As discussed in both Part 1 and used in Part 2, the Game Boy has a limited amount of graphical storage. You can only have 256 tiles of 8×8 pixels. This limits what you can do and, more importantly, dictates how you compose tiles on the screen as a result.
However, as glossed over in Part 2 and now explained in Part 3, you can generate the tiles and maps themselves using two sets of tools GBTD and GBMB.
Game Boy Tile Designer
Found here, the Game Boy Tile Designer will be your very best friend when it comes to create and exporting tiles. Beyond simply allowing you to design — hence the word in the title — tiles, it also allows you to copy them from one slot to another and, most importantly, uses functionality called “Split Paste” to paste content from another image program into 8×8 tiles.
For example, for Part 2, I used the following set of tiles I developed in another program. From there, I selected the whole image and copied it into the Windows clipboard.
In GBTD, go to Edit -> Split Paste.
Now, all of the tiles have been arranged as an increasing set starting from what position was selected from the right-hand side. (In this case, the first, 0, position.)
Once that is done, it is a matter of “including” them in a Game Boy program. To do that, go to File -> Export To.
On the next screen, click on the drop-down menu and choose the “GBDK C file (*.c)” option.
Select “Browse” to find the location and give the file a name. As well, change the label to something useful and finally, as a last step, set the number of tiles to export in total in the “From” field. (In this example, it is 47 tiles.)
Once exported, the “alpha” tile set will look much like the “alpha.c” file from Part 2.
Note: The above, pasting and exporting, were the exact steps I performed to generate the files for Part 2.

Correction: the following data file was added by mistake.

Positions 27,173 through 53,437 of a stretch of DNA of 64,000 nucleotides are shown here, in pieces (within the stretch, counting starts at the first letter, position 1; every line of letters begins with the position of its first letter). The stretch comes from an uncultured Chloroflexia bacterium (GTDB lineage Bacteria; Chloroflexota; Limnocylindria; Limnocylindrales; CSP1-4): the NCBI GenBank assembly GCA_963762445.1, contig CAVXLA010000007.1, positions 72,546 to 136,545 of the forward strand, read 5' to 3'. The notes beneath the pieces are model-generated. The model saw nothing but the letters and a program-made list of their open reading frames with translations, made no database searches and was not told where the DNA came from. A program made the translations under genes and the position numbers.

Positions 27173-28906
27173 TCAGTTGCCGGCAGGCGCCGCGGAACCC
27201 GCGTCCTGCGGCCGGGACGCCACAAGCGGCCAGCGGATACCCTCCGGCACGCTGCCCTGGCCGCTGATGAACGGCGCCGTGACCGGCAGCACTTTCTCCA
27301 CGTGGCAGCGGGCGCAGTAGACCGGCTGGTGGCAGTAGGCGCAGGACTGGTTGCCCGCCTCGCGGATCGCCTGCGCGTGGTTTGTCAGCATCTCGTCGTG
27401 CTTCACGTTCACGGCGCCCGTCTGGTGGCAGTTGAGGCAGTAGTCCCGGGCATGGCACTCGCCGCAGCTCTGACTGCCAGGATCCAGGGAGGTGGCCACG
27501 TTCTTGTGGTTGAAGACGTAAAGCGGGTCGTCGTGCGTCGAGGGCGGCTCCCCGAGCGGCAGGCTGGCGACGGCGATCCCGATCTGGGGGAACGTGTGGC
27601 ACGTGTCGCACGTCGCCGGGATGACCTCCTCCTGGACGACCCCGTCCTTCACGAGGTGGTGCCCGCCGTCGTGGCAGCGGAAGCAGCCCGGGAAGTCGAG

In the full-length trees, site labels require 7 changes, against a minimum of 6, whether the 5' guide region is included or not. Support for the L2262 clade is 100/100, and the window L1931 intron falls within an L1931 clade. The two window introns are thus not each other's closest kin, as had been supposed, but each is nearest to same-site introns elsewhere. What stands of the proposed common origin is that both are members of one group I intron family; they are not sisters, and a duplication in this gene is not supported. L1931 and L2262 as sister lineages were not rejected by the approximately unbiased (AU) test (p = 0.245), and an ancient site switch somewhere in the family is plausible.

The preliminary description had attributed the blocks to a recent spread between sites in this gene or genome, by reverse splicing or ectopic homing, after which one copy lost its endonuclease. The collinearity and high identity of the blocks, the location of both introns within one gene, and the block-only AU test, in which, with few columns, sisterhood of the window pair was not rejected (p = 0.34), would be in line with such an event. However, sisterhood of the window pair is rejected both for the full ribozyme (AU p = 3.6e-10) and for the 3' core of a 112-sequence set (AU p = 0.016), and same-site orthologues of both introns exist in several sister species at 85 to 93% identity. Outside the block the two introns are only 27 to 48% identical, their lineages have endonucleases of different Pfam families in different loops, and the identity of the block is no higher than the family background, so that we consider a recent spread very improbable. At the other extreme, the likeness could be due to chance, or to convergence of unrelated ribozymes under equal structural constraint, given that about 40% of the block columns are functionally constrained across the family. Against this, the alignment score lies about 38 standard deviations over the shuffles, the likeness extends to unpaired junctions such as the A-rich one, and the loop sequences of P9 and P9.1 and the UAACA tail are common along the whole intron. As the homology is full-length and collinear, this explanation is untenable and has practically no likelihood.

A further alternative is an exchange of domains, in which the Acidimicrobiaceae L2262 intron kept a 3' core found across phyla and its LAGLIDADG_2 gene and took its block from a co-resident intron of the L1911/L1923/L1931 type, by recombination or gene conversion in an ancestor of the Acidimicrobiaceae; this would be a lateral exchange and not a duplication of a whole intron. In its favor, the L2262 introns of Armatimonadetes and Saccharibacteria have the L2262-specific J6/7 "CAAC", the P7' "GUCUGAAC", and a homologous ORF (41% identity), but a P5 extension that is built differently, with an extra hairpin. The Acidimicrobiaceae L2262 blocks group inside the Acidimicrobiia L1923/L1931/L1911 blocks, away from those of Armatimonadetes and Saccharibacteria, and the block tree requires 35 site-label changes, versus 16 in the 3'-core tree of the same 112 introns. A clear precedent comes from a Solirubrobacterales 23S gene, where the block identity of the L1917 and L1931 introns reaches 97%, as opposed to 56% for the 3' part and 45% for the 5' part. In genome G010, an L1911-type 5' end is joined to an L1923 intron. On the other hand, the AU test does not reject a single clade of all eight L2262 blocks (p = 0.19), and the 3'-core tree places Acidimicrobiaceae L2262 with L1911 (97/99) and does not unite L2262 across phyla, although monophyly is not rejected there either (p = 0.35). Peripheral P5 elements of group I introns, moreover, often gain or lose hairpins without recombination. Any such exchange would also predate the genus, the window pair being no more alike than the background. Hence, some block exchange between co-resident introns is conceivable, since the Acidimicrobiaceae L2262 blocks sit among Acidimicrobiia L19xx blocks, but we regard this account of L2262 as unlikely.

Once exported, be sure to File -> Save the set as “alpha.gbr”. (The result will be used in the next step and will allow you, when re-opening the file, to use File-> Export in the future, or simply Ctrl-E as a shortcut to update the file.)
Game Boy Map Builder
Like with GBTD, the GBMB can also be found on the same site.
GBTD and GBMB are created to feed into one another. The files saved from GBTD can be opened by GBMB to use the tile to create larger ‘maps’ of areas or as part of the creation of a meta-sprite, a sprite made up of multiple tiles.
In our example, go to File -> Map Properties and select the file created in GBTD, “alpha.gbr”
When asked for width and height, use 10×2.
In GBMB, the left-click is used to select a tile from the right-hand list of perform an action from the left-hand listing. Right-clicking places a tile on the map.
Continuing from the discussion from Part 2, we can use the fact that tile 48 is ‘blank’ to use it as a way to make the map ‘blank’ to start.
Then, using one letter at a time, we can write “HELLO WORLD” on the map.
Once we have the map arranged as we like, we can export the map like in GBTD through the File -> “Export to…” option.
Also like in GBTD, select the “GBDK C file (*.c)” option, use “Browse” to set a location and name, and set a label.
Unlike in GBTD, click on the “Location format” tab and set “1 plane (8 bits)” and, in the properties, select “Tile number” from the drop-down menu. Once done, click the “OK” button.
The resulting file, much as “alpha.c” using GBTD was “alpha.c” from Part 2, “helloWorld.c” will be the same except for the addition of the header comment information.
Once exported, be sure to File -> Save the map. This will save you time in re-creating it and, like with GBTD, will remember the location you saved the file and allow for quick File -> Export or Cntl-E exporting.
Unlike Part 1 or Part 2, there are no code changes to “main.c” in this Part. However, it is included here for reference.
Note: The creation of “blankScreen.c” and “sprites.c” are not shown in this post. However, given the techniques explained, their creation, as a 20×18 map of tile 48 and sprites drawn as tiles, is fairly self-explanatory.
In Part 4, I will cover the basics of colliding sprites and project management.